MANILA, Philippines (AP) — The Philippine economy expanded 7.5 percent in the second quarter, still one of Asia's fastest growing, as robust domestic spending insulated it from weak global demand.

The National Statistical Board said Thursday the latest figure brings first-half growth to 7.6 percent, the highest since reformist President Benigno Aquino III took office in 2010 on a promise to fight corruption and reduce poverty. It said service industries remained the main contributor to growth.

Gross domestic product expanded a revised 7.7 percent in the first quarter. Many other Asian nations are not faring so well, partly because of higher reliance on export manufacturing. China's growth eased to a two-decade low in the second quarter and Thailand's economy contracted.

Still, the Philippine stock exchange and the local currency have taken a beating in recent weeks as investors pull out of emerging markets. Such economies have been roiled by the prospect the U.S. central bank will ends its stimulus program and more recently, on concern over possible U.S. military action in Syria, which has boosted oil prices. The Philippines is a net crude importer.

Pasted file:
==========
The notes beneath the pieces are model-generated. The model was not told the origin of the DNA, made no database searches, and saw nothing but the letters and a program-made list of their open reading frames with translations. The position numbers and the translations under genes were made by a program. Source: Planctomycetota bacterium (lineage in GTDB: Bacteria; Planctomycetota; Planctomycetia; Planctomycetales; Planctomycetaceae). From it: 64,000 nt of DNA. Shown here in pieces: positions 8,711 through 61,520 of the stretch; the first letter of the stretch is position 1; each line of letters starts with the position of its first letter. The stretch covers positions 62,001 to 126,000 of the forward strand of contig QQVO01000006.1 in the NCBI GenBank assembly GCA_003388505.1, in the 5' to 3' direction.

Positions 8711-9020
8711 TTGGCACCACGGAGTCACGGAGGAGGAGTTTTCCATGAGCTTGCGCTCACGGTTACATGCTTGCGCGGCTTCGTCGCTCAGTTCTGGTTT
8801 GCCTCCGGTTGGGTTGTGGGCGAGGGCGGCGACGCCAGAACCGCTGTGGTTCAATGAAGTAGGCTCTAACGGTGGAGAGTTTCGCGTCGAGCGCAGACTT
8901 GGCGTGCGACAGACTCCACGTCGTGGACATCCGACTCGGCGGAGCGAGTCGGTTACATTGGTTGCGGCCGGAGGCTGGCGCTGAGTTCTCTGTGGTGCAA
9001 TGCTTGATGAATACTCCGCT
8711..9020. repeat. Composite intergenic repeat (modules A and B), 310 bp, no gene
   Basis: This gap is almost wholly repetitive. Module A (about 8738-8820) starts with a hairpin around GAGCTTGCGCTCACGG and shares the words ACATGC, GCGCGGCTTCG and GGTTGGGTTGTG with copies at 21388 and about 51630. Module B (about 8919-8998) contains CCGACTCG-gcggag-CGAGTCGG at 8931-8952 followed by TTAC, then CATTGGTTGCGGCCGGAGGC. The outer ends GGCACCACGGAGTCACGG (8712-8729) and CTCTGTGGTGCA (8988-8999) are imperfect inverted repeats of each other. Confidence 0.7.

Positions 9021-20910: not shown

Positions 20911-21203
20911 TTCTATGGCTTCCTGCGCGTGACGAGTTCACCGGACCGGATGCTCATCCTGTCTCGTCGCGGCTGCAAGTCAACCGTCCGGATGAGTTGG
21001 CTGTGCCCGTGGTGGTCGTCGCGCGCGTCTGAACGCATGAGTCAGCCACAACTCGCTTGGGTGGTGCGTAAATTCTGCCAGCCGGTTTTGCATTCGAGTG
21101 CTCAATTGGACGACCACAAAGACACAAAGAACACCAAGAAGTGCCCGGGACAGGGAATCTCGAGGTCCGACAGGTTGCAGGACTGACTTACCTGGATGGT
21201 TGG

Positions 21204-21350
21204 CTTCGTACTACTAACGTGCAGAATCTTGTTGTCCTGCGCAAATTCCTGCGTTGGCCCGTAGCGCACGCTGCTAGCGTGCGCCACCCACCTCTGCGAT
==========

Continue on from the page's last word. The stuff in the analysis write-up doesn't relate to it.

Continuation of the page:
Socioeconomic Planning Secretary Arsenio Balisacan said the latest GDP figure confirms the Philippine economy "is now at a higher growth trajectory" — the fourth consecutive quarter that the economy grew above 7 percent.

Finance Secretary Cesar Purisima said the Philippines is differentiating itself from other developing economies that are highly reliant on exports for growth.

"I am confident that market players will recognize the strong fundamentals of the country- including our strong external position and banking system, stable inflation, and a well-managed fiscal position. All of this is topped by a reform-oriented political leadership with a very strong mandate," he said.

Despite the recent gains, foreign direct investment still lags behind other Southeast Asian economies. Balisacan said it is vital for the economy "to keep investments growing to create more high-quality jobs and reduce poverty."

The government also needs to speed up state spending on infrastructure projects such as roads, bridges, ports and airports, to facilitate job creation and better communication across the sprawling archipelago nation.

"We are seeing rebalancing. We want to diversify sources of growth. Investments, industrialization are key," Balisacan told reporters.

A recent corruption scandal involving the disbursement of development funds to lawmakers, which led Aquino last week to announce the overhaul of the entire funding system, has caused concern that state spending may be adversely affected.

 

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